absent for without

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ostap77

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1)Absent any objections,the plan will proceed.
2)Absent such an agreement we can go no further.

Basicaly, it meams 'without' here.
Could I use it in the middle of a sentence as in ''Services are being rendered absent a guarantee of quality"?
 
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Roman55

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And according to this it is a preposition, albeit "North American formal". I've only ever heard it in the TV series Spartacus, where it was used (along with other unnatural words to a modern ear) to give an impression of translated Latin.

Cross-posted with Piscean.
 

GoesStation

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You may sometimes hear it in the phrase absent any [noun], where it means "in the absence of". It doesn't work elsewhere.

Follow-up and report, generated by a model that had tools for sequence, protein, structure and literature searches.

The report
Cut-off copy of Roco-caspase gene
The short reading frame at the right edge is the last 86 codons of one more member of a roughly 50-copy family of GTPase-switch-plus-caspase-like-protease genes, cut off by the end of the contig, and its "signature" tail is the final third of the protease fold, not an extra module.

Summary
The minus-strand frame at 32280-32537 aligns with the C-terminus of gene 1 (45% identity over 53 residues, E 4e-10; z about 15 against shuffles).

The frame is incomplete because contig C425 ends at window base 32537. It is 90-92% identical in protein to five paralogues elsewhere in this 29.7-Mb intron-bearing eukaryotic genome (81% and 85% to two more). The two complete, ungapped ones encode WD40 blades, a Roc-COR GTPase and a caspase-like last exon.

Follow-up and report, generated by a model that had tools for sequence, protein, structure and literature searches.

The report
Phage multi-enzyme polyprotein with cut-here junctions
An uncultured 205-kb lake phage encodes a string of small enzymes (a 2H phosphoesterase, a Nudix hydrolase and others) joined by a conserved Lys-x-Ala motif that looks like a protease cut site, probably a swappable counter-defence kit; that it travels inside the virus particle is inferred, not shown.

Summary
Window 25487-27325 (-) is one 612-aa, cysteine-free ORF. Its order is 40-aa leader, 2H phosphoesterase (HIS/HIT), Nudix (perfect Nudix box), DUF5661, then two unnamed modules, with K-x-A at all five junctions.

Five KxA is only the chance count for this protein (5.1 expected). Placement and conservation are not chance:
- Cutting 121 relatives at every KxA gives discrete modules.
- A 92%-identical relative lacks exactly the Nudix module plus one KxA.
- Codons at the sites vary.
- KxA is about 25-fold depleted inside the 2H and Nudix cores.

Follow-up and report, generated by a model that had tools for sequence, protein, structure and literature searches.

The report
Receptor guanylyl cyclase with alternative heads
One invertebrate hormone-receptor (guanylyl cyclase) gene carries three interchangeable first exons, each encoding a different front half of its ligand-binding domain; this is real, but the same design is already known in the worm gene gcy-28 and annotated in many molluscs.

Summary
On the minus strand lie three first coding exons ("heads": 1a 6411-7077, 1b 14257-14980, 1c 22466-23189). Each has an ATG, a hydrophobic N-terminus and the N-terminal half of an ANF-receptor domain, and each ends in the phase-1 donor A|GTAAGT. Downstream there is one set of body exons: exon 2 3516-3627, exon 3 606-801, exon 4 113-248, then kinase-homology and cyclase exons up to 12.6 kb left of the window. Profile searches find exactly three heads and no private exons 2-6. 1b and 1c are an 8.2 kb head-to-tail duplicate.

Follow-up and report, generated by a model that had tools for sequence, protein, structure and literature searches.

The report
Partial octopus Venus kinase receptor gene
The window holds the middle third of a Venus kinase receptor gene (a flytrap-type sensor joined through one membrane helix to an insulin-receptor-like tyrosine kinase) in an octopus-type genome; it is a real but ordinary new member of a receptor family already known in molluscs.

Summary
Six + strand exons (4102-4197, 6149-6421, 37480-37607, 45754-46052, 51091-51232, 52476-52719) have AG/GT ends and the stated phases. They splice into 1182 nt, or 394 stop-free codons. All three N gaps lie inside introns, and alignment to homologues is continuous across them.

Rover_KE

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I advise learners to stick to 'without'.
 

Phaedrus

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''Services are being rendered absent a guarantee of quality"?
I don't think that sentence works with "absent," even though it would work if "absent" were replaced by "without" or "in the absence of," the very terms that are used to define "absent" as a preposition. Why is that? I think it's because there is an "unless" component to the meaning of "absent" as a preposition. "Without" and "in the absence of" can be used with an "unless" meaning, but they can also be used in other ways. The preposition "absent," on the other hand, requires the "unless" meaning. Thus:

1) Absent any objections [unless there are any objections],the plan will proceed.
2) Absent such an agreement [unless such an agreement is reached], we can go no further.
3) *Services are being rendered absent [unless there is] a guarantee of quality.

As to whether "absent" can be used in the middle, it absolutely can. (1) and (2) can be rearranged:

1') The plan will proceed(,) absent any objections.
2') We can go no further(,) absent such an agreement.
 
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